Friday, April 27, 2012

Cycling at high speeds


A few weeks back, a group of us went cycling on a 50 km route at Madhapur. On the road beside HiTech city, the downhill helped me achieve a top speed of 56.5 km/hr. The experience of moving so fast through the air with nothing in front was least to say exhilarating. It was a long time since I felt such an adrenaline rush. There were many other bikers faster than me achieving speeds in excess of 60 km/hr. But coming close to such speeds in a state of complete alertness made me see why so many bikers cycle so fast. It is addictive.

A reminder here is that precautions are to be taken when cycling fast as the dynamics change. Every parameter needs to be respected and adhered to. When attempting high speeds, a few points to note are:

Tyre pressure: Higher the tyre pressure, lower the friction as the contact area between the rubber and the road and reduced. Rolling friction reduces and the wheels spin quicker. Keep higher pressures for speed and lower pressures for grip.

Brakes: At the end of the road when the speed has to be reduced, only the brakes can save your life. Make sure they are in top condition. Braking to slow down has to be done with first the rear brakes and then the front brakes. Using the front brakes first might cause the wheel to lock and then throw you over the handlebars at the same high speed. No guesses for what may happen when head meets road, even with a helmet.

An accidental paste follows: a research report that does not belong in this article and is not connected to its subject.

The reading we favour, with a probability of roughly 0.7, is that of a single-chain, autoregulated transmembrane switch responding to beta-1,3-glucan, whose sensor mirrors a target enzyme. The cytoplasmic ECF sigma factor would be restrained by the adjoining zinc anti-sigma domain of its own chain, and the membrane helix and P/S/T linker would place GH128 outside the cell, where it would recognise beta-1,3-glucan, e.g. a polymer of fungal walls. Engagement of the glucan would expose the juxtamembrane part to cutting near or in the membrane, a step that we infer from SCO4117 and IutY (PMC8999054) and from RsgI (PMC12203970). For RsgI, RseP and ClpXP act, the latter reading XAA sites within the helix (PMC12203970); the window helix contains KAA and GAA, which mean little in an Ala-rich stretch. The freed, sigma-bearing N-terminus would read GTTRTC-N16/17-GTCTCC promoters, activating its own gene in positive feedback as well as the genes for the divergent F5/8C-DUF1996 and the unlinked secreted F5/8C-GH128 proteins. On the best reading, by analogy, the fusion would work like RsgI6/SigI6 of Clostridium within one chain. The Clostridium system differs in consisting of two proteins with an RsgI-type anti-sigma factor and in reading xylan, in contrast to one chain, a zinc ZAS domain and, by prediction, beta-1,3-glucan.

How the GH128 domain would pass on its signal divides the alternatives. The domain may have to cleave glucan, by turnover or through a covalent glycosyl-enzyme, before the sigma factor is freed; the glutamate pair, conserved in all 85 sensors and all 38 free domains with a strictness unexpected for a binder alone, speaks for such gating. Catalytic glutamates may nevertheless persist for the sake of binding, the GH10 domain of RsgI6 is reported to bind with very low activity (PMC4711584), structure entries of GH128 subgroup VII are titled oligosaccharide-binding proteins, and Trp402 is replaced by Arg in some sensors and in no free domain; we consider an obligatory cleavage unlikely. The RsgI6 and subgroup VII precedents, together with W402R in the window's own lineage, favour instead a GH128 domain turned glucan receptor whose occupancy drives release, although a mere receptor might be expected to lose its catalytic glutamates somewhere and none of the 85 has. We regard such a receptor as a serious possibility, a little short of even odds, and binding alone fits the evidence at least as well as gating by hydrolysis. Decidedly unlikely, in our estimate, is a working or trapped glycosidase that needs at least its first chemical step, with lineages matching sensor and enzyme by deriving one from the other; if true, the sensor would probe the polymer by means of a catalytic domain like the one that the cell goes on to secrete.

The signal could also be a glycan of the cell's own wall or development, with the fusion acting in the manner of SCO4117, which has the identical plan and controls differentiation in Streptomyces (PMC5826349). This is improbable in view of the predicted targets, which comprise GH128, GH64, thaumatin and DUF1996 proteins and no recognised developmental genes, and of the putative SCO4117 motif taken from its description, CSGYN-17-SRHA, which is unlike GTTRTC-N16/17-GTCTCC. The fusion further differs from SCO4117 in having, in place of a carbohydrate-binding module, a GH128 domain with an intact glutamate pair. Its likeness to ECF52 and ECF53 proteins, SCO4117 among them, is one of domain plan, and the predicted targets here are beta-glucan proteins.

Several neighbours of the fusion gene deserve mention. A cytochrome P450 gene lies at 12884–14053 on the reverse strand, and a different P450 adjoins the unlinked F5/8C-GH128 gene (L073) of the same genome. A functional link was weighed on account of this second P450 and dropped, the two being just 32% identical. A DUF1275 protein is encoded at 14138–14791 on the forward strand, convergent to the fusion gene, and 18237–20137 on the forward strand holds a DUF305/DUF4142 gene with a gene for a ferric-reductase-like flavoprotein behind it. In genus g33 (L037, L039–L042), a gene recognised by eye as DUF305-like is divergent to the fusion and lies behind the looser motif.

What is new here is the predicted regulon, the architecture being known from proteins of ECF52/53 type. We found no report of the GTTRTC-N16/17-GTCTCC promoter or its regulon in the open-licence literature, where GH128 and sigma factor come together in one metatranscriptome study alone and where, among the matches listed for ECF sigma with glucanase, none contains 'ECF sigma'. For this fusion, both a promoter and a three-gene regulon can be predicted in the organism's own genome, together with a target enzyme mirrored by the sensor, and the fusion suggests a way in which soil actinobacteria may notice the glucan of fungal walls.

Balance: The cycle will love to obey gravity and keep going faster. Trust your gut and keep your body posed low but still offering gentle resistance so that you are pushed back by the wind gently. This is to prevent your centre of gravity from shifting to the front that causes you to go faster than the cycle and get flung over the bars

Stay Low: Adopt a crouching position and get down low to prevent your body from being the barrier to the wind. Move your arms and legs inwards so that they don’t flail about. A key thing to remember here is to keep the limbs relaxed. Let the wind move around your limbs but keep them in place. Do not hold too tightly though you may do it out of anxiety.

Maintain a platform: The legs should be in the 9 and 3 o clock position. This keeps your body centred and helps you shift your weight to the front, back or sides with ease.

Scan a line: High speeds give you little time to react at the last moment. Make sure you can scan ahead and mentally map the line you plan to stay on. Watch for lanes from where anyone or anything can appear suddenly and be prepared.

A good hint – To keep the mind active, scan ahead about 20 meters and look at your front wheel. Again scan ahead and move your eyes to the front tire. Doing this up and down action keeps your alert for newer obstacles.

Exercise speed control: This is very very important. Just hitting the downhill not knowing how to control the speed or brake later can be dangerous. I’m not saying ride slowly. But know that when you ride fast, you have less than a second for the situation to change. Understand that, keep your cool and enjoy the breeze.

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